2. The second approach is based on assumptions of business model for sustainability. In this holistic approach ‘no sustainable value can be created for customers without creating value to a broader range of stakeholders’. This also includes a management approach which aims at achieving success in a fair manner for employees. This topic is widely developed in the literature; and focuses strongly on the social dimensions of sustainability.

  3. The third approach addresses the specific aspect of economic sustainability in combination with the emerging shared economy business models that are enabled by a networked economy. Very important for the sustained continuity of these business models is to consider issues such as social, ecological, and labor rules, which may be captured in legal requirements but also in social norms and values. The concept of the shared economy is more prevalent due to the networked society and the “internet of things”. The sharing economy is a socio-economic ecosystem built around the sharing of human, physical and intellectual resources. It includes the shared creation, production, distribution, trade and consumption of goods and services by different people and organizations.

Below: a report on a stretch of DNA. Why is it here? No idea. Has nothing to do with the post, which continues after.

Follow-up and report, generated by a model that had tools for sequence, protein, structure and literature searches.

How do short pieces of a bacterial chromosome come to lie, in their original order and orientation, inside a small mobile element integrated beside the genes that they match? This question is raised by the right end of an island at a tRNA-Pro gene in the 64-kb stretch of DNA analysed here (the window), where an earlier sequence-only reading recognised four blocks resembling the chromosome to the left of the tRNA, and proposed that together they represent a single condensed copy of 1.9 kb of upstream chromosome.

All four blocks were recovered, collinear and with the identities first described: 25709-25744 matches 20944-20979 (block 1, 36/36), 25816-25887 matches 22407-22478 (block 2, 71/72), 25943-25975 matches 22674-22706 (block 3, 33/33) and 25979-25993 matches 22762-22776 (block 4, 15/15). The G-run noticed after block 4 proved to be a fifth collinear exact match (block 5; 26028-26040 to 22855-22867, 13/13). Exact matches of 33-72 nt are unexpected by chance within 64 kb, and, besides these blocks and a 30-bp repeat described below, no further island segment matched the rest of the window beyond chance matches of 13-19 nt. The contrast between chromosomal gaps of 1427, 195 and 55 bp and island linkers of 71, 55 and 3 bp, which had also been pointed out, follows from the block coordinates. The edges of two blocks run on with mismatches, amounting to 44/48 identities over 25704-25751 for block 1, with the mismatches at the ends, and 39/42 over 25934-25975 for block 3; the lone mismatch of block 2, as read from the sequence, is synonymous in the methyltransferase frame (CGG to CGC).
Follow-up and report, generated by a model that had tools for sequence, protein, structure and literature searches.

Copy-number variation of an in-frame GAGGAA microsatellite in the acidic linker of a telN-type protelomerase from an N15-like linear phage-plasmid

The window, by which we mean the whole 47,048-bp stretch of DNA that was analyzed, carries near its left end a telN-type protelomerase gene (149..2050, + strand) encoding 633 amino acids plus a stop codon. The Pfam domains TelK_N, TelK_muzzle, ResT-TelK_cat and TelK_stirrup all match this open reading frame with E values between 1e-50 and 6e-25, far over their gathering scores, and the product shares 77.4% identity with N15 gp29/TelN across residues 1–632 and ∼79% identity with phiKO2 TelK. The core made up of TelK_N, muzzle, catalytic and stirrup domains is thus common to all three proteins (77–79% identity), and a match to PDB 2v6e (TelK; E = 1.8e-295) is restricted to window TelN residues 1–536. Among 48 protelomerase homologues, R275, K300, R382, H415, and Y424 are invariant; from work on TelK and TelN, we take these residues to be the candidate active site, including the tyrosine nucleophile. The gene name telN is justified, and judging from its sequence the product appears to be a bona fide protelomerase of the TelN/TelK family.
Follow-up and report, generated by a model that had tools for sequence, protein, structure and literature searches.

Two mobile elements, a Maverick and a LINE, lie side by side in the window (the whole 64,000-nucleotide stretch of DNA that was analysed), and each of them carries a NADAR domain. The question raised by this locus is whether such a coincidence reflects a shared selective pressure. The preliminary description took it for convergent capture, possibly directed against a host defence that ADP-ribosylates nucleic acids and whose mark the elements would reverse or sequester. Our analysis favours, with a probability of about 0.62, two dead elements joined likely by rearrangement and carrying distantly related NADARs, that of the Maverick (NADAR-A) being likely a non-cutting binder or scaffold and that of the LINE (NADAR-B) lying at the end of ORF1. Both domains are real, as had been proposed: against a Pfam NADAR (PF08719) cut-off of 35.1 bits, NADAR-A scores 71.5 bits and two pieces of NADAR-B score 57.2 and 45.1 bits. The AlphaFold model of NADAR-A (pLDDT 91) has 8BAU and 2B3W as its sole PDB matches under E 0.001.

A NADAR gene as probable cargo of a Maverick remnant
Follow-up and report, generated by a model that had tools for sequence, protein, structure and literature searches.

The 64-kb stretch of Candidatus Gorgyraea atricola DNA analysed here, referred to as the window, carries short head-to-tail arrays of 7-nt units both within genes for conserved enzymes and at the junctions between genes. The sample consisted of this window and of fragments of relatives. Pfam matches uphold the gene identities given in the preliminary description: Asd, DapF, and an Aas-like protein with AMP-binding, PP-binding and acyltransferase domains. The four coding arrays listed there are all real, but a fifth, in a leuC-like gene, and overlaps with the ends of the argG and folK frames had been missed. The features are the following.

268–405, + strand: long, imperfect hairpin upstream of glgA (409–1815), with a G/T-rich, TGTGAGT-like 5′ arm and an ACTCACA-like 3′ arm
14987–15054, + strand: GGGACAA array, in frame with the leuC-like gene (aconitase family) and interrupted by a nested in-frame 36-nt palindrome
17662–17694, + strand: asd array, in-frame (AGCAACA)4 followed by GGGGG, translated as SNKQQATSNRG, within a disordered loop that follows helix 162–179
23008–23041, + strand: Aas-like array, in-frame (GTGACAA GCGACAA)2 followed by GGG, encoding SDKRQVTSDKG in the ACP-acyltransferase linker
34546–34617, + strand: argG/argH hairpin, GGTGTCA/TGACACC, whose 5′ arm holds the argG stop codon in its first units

Sustainability for building competitive advantage is an ethical approach for building markets, supporting innovative solutions that have a positive impact on society, creating social value and social profit. Essentially it relates to the mantra of ‘doing well, by doing good’.

The subject of this special issue is then to analyze how to incorporate sustainability into business and e-business models. A basic question is whether this integration will allow companies to gain competitive advantage in a just way while helping organizations thrive. Part of this long-term competitive perspective includes increase organizational market valuations and creation of strong brands. In modern business models, classical economics provides only a partial answer; with the emergence of the sharing economy and the circular economy, these classical non-cooperative rent-seeking economic pressures will need to be reconsidered.